7 mistakes you’re making with your customer surveys

In my last post, I gave you five ways to increase your survey results. Today, we’ll dive into a few survey question mistakes you should avoid.

Well written questions are critical for a survey’s success in providing you with accurate information and for its completion rate. While you may know what you want to ask in your survey, the way you ask the questions can shape your respondents’ perspective on something and even cause them to unintentionally provide inaccurate answers. Good survey questions should allow thoughtful answers without leading the respondent to one answer or the other, and should not leave them feeling angry or confused. Writing an effective survey can be challenging, but if you avoid these common survey writing mistakes, you will have a great survey in no time.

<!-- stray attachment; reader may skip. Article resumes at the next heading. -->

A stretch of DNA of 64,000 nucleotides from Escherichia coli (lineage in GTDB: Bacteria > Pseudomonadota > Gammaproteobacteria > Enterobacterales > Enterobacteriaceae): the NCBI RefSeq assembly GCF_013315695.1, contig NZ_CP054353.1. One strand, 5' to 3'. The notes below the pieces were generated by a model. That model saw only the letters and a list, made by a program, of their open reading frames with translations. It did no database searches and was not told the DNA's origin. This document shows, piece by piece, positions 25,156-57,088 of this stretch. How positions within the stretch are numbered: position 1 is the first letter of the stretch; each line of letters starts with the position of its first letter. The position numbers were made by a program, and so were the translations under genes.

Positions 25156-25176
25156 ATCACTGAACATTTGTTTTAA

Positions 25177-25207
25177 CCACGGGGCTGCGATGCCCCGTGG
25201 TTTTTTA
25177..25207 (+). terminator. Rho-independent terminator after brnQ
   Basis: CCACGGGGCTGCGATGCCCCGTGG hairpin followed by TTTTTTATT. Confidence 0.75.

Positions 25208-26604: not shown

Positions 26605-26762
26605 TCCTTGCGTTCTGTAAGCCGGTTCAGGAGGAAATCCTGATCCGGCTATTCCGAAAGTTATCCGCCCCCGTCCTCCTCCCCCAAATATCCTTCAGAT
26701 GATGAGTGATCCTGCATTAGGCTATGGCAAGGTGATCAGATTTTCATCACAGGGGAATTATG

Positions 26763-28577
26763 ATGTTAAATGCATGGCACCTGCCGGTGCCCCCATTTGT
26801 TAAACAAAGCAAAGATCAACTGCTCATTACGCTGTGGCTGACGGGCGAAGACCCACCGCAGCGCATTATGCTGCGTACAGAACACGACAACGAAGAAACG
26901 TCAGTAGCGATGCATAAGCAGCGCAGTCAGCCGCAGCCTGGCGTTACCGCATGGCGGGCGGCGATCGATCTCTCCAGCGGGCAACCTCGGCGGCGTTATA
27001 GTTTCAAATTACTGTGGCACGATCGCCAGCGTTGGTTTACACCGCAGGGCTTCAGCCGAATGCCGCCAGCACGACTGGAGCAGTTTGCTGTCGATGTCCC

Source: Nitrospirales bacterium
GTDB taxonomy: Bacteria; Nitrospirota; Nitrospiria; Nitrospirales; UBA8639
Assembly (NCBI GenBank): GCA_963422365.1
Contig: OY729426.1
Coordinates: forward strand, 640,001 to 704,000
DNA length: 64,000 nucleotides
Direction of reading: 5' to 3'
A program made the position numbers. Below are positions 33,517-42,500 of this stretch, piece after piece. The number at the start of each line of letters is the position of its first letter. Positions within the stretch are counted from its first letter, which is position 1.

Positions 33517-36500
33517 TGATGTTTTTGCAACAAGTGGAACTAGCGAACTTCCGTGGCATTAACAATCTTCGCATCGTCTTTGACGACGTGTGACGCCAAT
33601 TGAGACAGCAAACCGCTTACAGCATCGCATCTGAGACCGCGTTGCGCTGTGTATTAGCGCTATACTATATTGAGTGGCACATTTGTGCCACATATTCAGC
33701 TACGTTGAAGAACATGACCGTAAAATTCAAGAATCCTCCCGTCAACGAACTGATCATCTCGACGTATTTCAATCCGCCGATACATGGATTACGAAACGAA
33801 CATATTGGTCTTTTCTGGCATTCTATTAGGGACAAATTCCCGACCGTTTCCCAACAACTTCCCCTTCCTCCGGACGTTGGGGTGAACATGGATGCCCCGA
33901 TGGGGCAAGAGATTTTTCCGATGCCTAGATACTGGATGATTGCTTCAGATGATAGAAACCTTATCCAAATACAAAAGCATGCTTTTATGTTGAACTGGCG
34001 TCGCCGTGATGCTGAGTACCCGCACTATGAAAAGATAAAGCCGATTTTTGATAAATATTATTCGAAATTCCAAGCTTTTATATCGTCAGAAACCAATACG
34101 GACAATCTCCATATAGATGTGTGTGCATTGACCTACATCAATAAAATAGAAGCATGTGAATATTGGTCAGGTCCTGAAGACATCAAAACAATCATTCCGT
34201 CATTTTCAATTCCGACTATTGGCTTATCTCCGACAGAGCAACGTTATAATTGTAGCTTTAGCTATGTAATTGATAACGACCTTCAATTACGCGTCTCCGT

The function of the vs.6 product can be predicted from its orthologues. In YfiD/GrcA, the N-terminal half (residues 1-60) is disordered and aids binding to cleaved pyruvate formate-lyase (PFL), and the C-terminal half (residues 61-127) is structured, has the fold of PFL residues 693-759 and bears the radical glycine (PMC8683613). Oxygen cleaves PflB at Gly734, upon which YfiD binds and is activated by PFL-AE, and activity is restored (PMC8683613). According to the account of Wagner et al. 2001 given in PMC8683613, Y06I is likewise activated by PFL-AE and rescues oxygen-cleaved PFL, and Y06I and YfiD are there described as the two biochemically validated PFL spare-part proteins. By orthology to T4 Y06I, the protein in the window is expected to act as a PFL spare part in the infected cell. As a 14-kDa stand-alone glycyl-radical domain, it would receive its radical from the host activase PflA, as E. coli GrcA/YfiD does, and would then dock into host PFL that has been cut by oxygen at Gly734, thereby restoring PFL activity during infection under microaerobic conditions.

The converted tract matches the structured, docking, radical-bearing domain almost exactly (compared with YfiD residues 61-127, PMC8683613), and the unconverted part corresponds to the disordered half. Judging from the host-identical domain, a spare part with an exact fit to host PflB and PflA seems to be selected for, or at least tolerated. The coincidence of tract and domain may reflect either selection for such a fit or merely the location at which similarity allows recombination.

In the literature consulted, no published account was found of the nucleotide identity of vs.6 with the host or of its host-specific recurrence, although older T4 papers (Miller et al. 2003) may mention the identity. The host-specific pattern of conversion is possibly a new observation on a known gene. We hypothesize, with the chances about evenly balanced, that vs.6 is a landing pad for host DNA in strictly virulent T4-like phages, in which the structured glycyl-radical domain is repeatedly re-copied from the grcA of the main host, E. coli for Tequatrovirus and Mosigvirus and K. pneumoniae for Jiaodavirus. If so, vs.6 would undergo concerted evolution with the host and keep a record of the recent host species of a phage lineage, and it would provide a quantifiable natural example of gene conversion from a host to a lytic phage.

Survey Mistake #1: Not Setting Clear Objectives

The most important step in a survey is figuring out what you actually want to know. It’s important to make your objectives really clear up front to make survey creation as easy as possible. Stay away from vague goals like measuring “satisfaction.” What do you mean by satisfaction? Do you want to know if your public awareness campaign was engaging and fun? Or if it was informational? Or persuasive? Focus on your end goal. What decisions do you need to make or behavior do you need or change based on the feedback you get.


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